Software security ‘overhauled for the better’ thanks to US legislation

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Software development has been transformed since the introduction of the Biden administration’s executive order (EO) to improve cyber security across the US.

The EO was designed to bolster defenses against cyber attacks and was primarily focused on federal agencies and contractors. However, research has shown that it has impacted organizations in both the US and UK.

A key tenet of the order was a requirement for companies to implement a software bill of materials (SBOM) to ensure robust cyber security hygiene.

More than three-quarters (76%) of enterprises surveyed in the UK and US have since adopted an SBOM, and 16% plan to in the future, Sonatype revealed in its latest research. 

Only 4% reported that an SBOM had been adopted more than three years ago, indicating how rapidly things have changed.


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SBOMs are also becoming an essential procurement requirement, underlined by 60% of respondents reporting that they were required to complete business deals. Just over a third (37%) said they plan to add the requirement in the future.

The survey results, from 217 cyber security directors in companies with revenues of more than £50 million or $50 million in the UK and the US respectively, showed that proper security hygiene is increasingly tied to commercial opportunities as well as government work.

However, the figures also indicated nearly a quarter of respondents are yet to adopt SBOMs.

The reasons for this were varied; almost half said they needed to gain a better understanding of how to implement them or their benefits, while others noted concerns around cost, and nearly a third (32%) reported that they simply needed more staff.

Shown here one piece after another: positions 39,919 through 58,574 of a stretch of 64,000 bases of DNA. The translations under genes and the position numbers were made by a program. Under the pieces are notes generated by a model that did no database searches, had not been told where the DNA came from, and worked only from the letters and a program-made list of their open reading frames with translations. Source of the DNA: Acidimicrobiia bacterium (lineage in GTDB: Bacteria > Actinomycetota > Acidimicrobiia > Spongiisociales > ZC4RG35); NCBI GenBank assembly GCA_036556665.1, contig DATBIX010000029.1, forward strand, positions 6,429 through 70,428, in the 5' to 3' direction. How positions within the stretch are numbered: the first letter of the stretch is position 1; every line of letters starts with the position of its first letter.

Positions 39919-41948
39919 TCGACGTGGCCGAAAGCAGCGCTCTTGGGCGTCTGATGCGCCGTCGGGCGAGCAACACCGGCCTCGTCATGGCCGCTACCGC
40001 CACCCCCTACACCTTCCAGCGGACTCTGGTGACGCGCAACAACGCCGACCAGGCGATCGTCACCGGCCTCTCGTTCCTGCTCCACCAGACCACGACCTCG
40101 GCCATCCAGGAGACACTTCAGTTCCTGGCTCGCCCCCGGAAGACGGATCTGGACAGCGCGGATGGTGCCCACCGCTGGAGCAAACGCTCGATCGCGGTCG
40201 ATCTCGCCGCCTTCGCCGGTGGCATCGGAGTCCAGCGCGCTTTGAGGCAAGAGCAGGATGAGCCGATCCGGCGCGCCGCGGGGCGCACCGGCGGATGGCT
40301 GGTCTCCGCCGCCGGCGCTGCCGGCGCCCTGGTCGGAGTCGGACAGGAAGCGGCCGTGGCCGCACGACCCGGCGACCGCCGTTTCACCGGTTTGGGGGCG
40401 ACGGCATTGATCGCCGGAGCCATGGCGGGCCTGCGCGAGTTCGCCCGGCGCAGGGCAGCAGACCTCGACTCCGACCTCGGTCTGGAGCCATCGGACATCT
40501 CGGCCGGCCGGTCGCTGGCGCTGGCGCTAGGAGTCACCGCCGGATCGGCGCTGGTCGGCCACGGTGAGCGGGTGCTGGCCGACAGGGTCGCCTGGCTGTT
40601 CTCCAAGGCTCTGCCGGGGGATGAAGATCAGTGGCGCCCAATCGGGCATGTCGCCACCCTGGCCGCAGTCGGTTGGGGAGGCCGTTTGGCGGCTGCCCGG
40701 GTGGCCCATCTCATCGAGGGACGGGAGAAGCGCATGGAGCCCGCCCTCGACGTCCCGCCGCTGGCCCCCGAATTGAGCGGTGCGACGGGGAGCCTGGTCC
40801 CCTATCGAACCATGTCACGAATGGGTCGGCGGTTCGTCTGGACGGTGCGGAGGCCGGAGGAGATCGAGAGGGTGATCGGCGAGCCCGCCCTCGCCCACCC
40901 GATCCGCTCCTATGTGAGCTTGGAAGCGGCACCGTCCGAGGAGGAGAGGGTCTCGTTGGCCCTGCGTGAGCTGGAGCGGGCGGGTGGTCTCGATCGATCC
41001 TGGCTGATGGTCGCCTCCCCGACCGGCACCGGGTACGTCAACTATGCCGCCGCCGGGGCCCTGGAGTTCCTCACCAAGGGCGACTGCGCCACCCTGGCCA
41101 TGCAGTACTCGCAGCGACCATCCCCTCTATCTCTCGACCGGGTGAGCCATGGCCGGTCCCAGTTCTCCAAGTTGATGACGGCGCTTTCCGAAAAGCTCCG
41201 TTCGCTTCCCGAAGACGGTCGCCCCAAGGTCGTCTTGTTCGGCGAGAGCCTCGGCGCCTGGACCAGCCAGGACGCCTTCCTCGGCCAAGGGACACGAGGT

Brian Fox, CTO and co-founder at Sonatype, described SBOMs as just the first step to cyber resilience and noted that more work would be needed, including investment in software composition analysis tools. 

What is a software bill of materials?

An SBOM lists everything that goes into a particular application. As well as the components themselves, it also includes information such as the license version and type, such as open-source or commercial, for example.

Spreadsheets and manual files have also been used but are prone to human error and are unsuitable for larger projects that would benefit more greatly from an automated approach - potentially as part of the CI/CD pipeline.

While SBOMs are not a new concept, the high-profile vulnerability in the popular Java logger Log4j highlighted the importance of knowing what is in one’s software supply chain and being prepared to deal with or mitigate the potential impact of breaches.

Despite the signing of the executive order and the implementation of SBOMs by some enterprises, the Log4j vulnerability demonstrated that there remains work to do in order to ensure software supply chain security. 

The US has continued to work to bolster security and published the National Cybersecurity Strategy in March 2023. The EU proposed its own Cyber Resilience Act in 2022, highlighting the importance placed on security in both regions.

Richard Speed
Staff Writer

Richard Speed is an expert in databases, DevOps and IT regulations and governance. He was previously a Staff Writer for ITProCloudPro and ChannelPro, before going freelance. He first joined Future in 2023 having worked as a reporter for The Register. He has also attended numerous domestic and international events, including Microsoft's Build and Ignite conferences and both US and EU KubeCons.

Prior to joining The Register, he spent a number of years working in IT in the pharmaceutical and financial sectors.